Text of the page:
Tuesday, August 15, 2006

Why I Care About Ito Calculus And How I'll Find Out More

Consider the indexed collection of random variables {X(t) | t a non-negative real}. This is a stochastic process in continuous time. A realization of it is just a time series. It makes sense to me to differentiate or integrate such a realization with respect to time. (As I remember it, though, a realization of a Wiener process is (almost always?) continuous and non-differentiable.) But what it would mean to talk about the derivative or integral of the stochastic process itself? As I understand it, this, along with Stochastic Differential Equations, is the subject of Ito or stochastic calculus.

Recently, physicists have been writing on economics. Generally, econophysicists distrust neoclassical economics and think they can do it better. Joseph L. McCauley's Dynamics of Markets: Econophysics and Finance (Cambridge University Press, 2004) is a recent textbook on econophysics. I find it difficult to read precisely where it draws on Ito calculus.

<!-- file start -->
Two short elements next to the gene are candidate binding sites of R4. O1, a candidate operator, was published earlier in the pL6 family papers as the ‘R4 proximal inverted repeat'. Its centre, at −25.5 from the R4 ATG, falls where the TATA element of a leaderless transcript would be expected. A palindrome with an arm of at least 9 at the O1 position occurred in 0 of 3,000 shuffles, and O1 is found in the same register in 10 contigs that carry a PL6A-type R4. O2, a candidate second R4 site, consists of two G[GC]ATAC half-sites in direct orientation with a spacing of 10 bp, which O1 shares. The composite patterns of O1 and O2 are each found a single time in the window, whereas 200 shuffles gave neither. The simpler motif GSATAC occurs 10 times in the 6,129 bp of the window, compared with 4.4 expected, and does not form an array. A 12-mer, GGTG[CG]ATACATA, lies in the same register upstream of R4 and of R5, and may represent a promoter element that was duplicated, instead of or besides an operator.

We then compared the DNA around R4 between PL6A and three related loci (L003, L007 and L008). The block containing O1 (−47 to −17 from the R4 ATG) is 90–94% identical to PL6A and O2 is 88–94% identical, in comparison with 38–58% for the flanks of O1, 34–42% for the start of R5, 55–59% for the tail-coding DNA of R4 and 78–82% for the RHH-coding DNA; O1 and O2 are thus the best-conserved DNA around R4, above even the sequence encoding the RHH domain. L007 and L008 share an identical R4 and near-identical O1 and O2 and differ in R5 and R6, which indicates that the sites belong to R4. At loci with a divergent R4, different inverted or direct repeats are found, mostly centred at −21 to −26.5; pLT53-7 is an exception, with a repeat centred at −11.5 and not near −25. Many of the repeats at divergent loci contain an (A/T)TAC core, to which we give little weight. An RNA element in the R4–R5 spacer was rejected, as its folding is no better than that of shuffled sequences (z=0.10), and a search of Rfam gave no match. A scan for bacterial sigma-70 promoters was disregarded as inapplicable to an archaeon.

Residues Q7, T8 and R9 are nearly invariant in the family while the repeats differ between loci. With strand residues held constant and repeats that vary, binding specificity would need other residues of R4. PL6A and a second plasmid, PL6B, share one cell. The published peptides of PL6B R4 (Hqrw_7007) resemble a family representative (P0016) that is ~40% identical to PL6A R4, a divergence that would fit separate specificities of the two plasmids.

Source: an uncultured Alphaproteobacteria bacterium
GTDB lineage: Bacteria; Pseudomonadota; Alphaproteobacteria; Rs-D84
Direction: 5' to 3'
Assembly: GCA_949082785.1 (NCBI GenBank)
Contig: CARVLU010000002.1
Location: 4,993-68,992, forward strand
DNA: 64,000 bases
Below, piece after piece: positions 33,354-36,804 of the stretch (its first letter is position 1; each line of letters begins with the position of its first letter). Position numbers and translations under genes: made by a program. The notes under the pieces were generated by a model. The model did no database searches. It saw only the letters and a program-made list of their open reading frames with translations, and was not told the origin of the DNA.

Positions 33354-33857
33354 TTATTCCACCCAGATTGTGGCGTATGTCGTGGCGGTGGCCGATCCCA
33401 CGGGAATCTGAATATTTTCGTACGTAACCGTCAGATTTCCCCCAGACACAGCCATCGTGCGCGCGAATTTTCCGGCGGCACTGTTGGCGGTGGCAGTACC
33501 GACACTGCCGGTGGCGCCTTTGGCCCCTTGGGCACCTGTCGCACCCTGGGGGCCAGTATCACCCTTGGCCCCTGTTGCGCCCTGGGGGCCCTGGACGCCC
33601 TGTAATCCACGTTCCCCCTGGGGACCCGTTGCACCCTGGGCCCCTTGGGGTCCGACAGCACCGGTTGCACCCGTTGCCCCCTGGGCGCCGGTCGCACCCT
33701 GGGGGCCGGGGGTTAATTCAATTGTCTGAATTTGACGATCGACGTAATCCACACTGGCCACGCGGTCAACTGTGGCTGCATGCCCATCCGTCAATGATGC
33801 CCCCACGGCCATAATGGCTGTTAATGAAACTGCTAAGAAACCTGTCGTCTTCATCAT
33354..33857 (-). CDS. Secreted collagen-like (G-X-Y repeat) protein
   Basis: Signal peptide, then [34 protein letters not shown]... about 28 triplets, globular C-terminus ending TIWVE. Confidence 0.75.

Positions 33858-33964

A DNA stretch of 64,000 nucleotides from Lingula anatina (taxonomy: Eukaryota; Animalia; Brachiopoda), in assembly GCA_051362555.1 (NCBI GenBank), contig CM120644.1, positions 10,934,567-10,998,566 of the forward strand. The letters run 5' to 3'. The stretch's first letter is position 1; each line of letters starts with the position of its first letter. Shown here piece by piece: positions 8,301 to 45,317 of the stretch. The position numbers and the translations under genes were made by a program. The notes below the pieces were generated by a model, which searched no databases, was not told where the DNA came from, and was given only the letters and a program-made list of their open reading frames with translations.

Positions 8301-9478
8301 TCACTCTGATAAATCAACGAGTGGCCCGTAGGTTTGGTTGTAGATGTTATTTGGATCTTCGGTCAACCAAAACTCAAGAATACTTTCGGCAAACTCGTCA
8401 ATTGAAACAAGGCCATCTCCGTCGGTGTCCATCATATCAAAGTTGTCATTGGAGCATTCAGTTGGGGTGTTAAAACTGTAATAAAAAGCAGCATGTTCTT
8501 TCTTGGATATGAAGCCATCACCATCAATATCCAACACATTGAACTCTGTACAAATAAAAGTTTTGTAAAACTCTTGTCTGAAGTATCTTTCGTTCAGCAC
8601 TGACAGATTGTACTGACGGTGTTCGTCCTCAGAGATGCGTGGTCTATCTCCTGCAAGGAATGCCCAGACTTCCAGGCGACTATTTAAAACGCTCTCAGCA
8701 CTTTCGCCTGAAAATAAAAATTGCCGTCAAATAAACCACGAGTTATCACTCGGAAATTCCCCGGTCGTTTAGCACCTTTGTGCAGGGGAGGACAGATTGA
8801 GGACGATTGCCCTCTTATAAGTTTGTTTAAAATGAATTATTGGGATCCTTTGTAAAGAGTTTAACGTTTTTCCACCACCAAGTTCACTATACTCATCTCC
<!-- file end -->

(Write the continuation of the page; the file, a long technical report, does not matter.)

Luckily I have a resource to help me acquire some mathematical background for McCauley's text. Cosma Shalizi explains the fundamentals of Ito Calculus in Lectures 18-20 of his notes for Advanced Probability II or Almost None of Stochastic Processes.

1 comment:

Anonymous said...

I recall thinking this text was good: Stochastic Differential Equations: An Introduction with Applications by Bernt Oksendal.